Greensboro Legal Separation Lawyer

Divorce Litigation vs. Negotiation: Which Is Right For You?

Negotiated Settlements

The vast majority of separating couples are able to resolve issues of custody, support and property division through private settlement. Settlement is preferable in almost every case for any number of reasons. It is less costly, both financially and emotionally. Divorce — even without litigation — is already a major emotional stress on any family. The changes in family living arrangements alone usually cause temporary adjustment problems for most people. Many people feel overwhelmed by the litigation process that usually includes a burdensome discovery process of sharing written documents and answering written or oral questions, the selection and interviews of potential witnesses, and all the anxiety of formal court proceedings.

The cost of litigation can also be overwhelming. Litigation takes a lot of time and the billable hours add up quickly. With legal fees being charged at an hourly rate, litigation costs can spiral out of control long before the case is resolved, sometimes depleting the lion's share of the family's financial resources.

Just as important as minimizing emotional and financial stresses, settlement can be custom-tailored to a family's interests and needs in a way that may not occur should a court decide your case. A judge cannot possibly understand the details and intricacies of your family situation from the evidence allowed to be presented at trial. More importantly, judges are constrained by the statutes and rulings of higher courts in other cases and cannot impose the creative solutions that you, your spouse and your respective lawyers might devise to specifically suit your particular situation.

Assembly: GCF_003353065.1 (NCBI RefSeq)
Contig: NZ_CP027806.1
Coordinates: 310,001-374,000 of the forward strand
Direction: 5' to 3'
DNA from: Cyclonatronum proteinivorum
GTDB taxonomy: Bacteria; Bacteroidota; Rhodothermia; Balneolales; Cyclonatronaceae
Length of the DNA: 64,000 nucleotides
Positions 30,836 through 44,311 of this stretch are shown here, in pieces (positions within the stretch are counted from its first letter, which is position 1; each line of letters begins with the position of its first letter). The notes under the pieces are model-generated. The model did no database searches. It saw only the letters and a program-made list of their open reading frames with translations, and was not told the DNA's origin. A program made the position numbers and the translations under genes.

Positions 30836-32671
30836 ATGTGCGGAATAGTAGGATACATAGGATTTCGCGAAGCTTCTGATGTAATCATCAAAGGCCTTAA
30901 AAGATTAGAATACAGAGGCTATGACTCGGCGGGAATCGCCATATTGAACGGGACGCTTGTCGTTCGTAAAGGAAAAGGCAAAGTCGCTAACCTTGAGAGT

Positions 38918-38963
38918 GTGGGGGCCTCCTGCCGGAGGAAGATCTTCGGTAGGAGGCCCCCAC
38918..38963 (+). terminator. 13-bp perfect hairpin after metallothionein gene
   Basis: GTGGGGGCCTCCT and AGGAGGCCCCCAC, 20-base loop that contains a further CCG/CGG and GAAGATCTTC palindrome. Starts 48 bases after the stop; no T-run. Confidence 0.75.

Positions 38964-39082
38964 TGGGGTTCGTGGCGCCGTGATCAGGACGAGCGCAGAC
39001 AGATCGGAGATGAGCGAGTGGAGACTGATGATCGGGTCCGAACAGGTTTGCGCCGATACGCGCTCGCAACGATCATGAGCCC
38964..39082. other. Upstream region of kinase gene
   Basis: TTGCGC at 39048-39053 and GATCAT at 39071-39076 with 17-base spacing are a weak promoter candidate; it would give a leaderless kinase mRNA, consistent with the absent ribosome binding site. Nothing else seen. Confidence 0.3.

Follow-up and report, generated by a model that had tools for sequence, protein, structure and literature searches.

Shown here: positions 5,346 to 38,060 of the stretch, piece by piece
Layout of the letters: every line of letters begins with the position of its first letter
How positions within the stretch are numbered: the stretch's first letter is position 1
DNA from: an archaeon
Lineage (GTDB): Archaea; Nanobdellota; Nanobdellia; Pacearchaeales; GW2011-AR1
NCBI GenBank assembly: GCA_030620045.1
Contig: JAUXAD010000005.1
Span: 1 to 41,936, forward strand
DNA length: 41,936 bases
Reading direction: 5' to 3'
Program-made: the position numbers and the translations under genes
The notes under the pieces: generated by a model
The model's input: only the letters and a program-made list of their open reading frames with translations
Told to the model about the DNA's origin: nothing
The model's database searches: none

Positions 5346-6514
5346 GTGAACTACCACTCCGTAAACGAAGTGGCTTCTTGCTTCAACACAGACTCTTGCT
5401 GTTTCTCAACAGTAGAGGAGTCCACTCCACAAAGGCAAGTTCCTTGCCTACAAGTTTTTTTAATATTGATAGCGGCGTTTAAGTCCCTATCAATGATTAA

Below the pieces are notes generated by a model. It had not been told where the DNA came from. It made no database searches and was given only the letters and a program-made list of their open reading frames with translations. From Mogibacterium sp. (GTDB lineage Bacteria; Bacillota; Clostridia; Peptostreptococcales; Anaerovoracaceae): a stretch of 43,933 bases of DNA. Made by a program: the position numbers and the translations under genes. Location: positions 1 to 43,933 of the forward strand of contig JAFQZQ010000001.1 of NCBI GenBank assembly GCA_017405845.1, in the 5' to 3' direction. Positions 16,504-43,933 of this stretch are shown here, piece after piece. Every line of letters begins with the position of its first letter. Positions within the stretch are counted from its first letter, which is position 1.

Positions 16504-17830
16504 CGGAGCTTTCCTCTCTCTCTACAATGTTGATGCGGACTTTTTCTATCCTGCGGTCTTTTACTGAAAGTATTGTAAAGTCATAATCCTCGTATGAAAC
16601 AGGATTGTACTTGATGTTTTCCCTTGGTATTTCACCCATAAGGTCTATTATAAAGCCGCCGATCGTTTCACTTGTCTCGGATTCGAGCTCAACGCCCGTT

The settlement agreement is usually set forth in a contract, commonly referred to as a "Separation Agreement." The layman's term "legal separation papers" usually refers to a Separation Agreement. A Separation Agreement is a contract settling property division, custody, child support, visitation, alimony, tax issues, disclaimers and many other important matters that arise when couples separate. Proper drafting of the agreement by an experienced family law attorney like Rebecca Perry is essential to avoiding future disputes over the interpretation of agreement and to ensure enforceability of the terms.

Litigation

If the parties are unable to resolve their issues by agreement, we are ready, willing and able to litigate on your behalf. Litigation is the process of taking a case to court. It involves filing a complaint and issuing a summons to initiate the lawsuit. Those documents must be properly served on the opposing party, and he or she is required to respond within a certain period of time. A period of "discovery" is then allowed for the parties to exchange relevant information. During this period there are sometimes pretrial conferences, motion hearings and other ancillary matters addressed by the court. Depending upon the issues involved, the complexity of the case, the court docket, and various other factors, it can take months or even years to fully litigate a case from start to finish. But even while litigation is proceeding, we continually work to try to reach a settlement to minimize the cost, bring about closure and help you move on to a better life.

At Greensboro Family Law, you will find thoughtful legal counsel and experienced representation designed to help you put your new life and restructured family on a solid legal footing.

Call or E-Mail Us Today

It is your marriage, your family and your future. It is our job to help you move forward wisely, not to increase the acrimony and convince you to fight. To discuss your options in a completely confidential consultation with an experienced North Carolina divorce and family law attorney, please call Greensboro Family Law today at 336-790-0165 or toll free at 877-509-6616. You may also e-mail us now to schedule your consultation with Rebecca Perry.

Please continue reading for more information about legal separation in North Carolina.